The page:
Any product or framework evolves. Mainly it's done to catch up the needs of it's users, leverage new computing powers and simply make it better. Sometimes the primary design goal also changes with the product. C# or .net framework is no exception. As we see, the present day 4th version is very much different comparing with the first one. But thing comes as a barricade to this evolution- backward compatibility.

In most of frameworks/products there are features would have been cut off if there was no need to support backward compatibility. According to you, what are these features in C#/.net?

Please mention one feature per answer.

  • Keyword new Mar 3, 2011 at 20:19
  • 4
    The question is clearly not constructive according to the guidelines, and clearly constructive based on the fantastic answers. Voting to re-open.
    – psr
    Oct 27, 2011 at 23:11
  • 1
    shame it closed, still maybe Eric will blog this instead of answering here?
    – jk.
    Oct 28, 2011 at 14:29

12 Answers 12


Anonymous methods. I think everyone agrees that the anonymous method syntax chosen for C# 2.0 is chunky and clunky compared to the lambda syntax we added to C# 3.0. It is deeply unfortunate to have two almost-identical syntaxes to do the same thing.

  • 1
    Agreed, anonymous methods were great when we didn't have lambdas...now they're just redundant. Jan 28, 2011 at 18:56
  • 9
    There is one special feature of anonymous methods thats far better than lambda expressions .... their perfect name !!
    – explorest
    Jan 28, 2011 at 19:36
  • 1
    At this point, I don't even remember the syntax for an anonymous method in C#. I'd have to look it up if for some bizarre reason I needed to use one instead of a lambda.
    – Kyralessa
    Oct 10, 2019 at 14:07

I'd get rid of the Non-generic collections. They are an abomination...and there are too many cases where I'm using linq and have to do something like

var customObjects = container.CustomObjects.Cast<CustomObject>();

Every time I have to do that, a small part of my soul dies.

  • This is too great.
    – user2528
    Jan 27, 2011 at 4:47
  • 1
    Not all ports of .NET support Generics. .NET Micro is an example. May not apply if CustomObjects will never move to this platform. Jan 28, 2011 at 16:23
  • 2
    That's the advantage to not having a soul.
    – CaffGeek
    Oct 27, 2011 at 20:43

void as a type. Why on earth is "void" a type? It has no instances, it has no values, you can't use it as a generic type argument, formal parameter type, local type, field type or property type. It has no meaning as a type; rather, it is a fact about what effect a method call has on the stack of the virtual machine. But the virtual machine is just that: a virtual machine. The real machine will put the returned value in a register (typically EAX on x86) and not affect the stack at all! Void as a type is just a bad idea all around.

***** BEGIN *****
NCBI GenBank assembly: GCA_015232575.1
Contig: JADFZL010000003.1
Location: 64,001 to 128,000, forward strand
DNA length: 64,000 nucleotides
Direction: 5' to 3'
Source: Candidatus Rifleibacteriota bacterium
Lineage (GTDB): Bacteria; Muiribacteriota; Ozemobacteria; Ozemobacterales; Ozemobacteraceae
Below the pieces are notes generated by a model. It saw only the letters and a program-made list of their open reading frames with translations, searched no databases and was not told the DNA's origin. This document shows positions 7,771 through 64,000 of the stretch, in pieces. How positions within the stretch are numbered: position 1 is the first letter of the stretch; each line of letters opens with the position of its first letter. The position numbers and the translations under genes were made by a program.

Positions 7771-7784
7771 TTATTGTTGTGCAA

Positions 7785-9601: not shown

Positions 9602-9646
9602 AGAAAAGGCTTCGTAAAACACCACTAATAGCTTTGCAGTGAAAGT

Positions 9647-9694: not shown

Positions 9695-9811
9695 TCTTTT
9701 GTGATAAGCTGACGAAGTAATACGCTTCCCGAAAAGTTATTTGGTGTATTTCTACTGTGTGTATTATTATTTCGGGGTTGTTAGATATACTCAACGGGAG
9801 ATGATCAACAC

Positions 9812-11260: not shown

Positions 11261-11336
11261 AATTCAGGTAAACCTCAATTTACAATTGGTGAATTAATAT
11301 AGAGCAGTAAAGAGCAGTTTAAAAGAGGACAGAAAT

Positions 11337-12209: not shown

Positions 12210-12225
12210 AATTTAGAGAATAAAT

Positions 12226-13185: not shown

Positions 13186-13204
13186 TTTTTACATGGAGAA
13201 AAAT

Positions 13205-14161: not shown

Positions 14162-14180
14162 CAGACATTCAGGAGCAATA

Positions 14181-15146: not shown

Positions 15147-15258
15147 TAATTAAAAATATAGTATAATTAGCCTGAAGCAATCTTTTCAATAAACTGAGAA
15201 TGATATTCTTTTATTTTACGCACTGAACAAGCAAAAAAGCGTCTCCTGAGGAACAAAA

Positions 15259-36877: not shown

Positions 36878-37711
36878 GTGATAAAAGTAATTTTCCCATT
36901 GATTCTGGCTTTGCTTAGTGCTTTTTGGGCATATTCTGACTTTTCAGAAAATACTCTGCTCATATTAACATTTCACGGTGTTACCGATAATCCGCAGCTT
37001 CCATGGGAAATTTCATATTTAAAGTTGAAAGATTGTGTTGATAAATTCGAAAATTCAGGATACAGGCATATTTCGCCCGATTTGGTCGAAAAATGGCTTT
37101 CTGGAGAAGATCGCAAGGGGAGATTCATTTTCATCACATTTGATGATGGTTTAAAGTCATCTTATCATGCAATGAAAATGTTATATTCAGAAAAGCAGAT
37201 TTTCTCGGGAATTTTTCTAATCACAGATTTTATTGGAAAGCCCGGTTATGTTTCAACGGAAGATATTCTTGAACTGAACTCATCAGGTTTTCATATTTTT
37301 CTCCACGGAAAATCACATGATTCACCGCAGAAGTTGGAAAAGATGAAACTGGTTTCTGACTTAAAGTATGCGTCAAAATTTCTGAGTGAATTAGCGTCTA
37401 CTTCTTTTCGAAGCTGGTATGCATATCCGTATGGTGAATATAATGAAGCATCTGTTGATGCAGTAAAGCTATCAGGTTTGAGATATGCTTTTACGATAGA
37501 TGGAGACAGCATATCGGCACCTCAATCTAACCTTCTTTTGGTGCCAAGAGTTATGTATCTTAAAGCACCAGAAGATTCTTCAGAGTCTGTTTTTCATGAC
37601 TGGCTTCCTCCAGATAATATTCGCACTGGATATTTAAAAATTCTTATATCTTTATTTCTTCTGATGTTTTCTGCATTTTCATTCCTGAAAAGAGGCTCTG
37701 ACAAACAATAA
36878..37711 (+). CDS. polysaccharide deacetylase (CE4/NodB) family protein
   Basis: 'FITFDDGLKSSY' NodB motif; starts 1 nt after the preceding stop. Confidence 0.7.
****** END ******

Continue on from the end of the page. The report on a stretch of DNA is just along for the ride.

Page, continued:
Worse: when used in a pointer type as in void* it means something completely different than what it means when used as a return type. Now it means "a pointer to a storage location of unknown type", which has nothing whatsoever to do with its meaning as "a method that doesn't return any value."

We can replace void* as a pointer type with IntPtr. (And void** with IntPtr* and so on.) We can replace void as a return type with "Unit", a type that has a single value, namely, null. An implementation of the CLR could then decide that a unit-typed function call could optimize its usage of registers or stacks appropriately, knowing that the null that is being "returned" can be safely ignored.

In such a world you no longer need separate Func<A, R> and Action<T> delegates. Action<T> is just Func<T, Unit>.

  • 4
    ... and Task is just a Task<Unit>. Reimplementing the library bits of the async CTP made me really wish for this...
    – Jon Skeet
    Oct 27, 2011 at 19:24

The empty statement ;. Error-prone, almost always a typo, and gives you no added meaning that is not already expressed by {}.

  • 7
    Not to mention the huge performance penalty under the 64-bit JIT </snark>. Jan 28, 2011 at 19:43
  • 7
    An empty statement has a performance penalty? Why is that? Oct 27, 2011 at 20:07

Unsafe covariance on arrays of reference type. With typesafe covariance on IEnumerable<T>, at least some of the need for array covariance has gone away. (If we had a covariant read-only list interface then we wouldn't need it at all.)

  • I was absolutely going to write this down when I saw the question title -- you beat me to it :( Jan 28, 2011 at 16:24
  • 1
    The ability to receive a covariant array reference and safely write to the array references that were read from it is useful. If like IList<T> inherited from IReadableList<out T> and a non-generic IPemutable, it could support things like sorting, but arrays support it more easily.
    – supercat
    Mar 12, 2014 at 6:52

The unary plus operator. Least useful operator of all time. If we didn't have to keep it for backwards compat, I'd take it out in a heartbeat. Who uses this thing, anyone?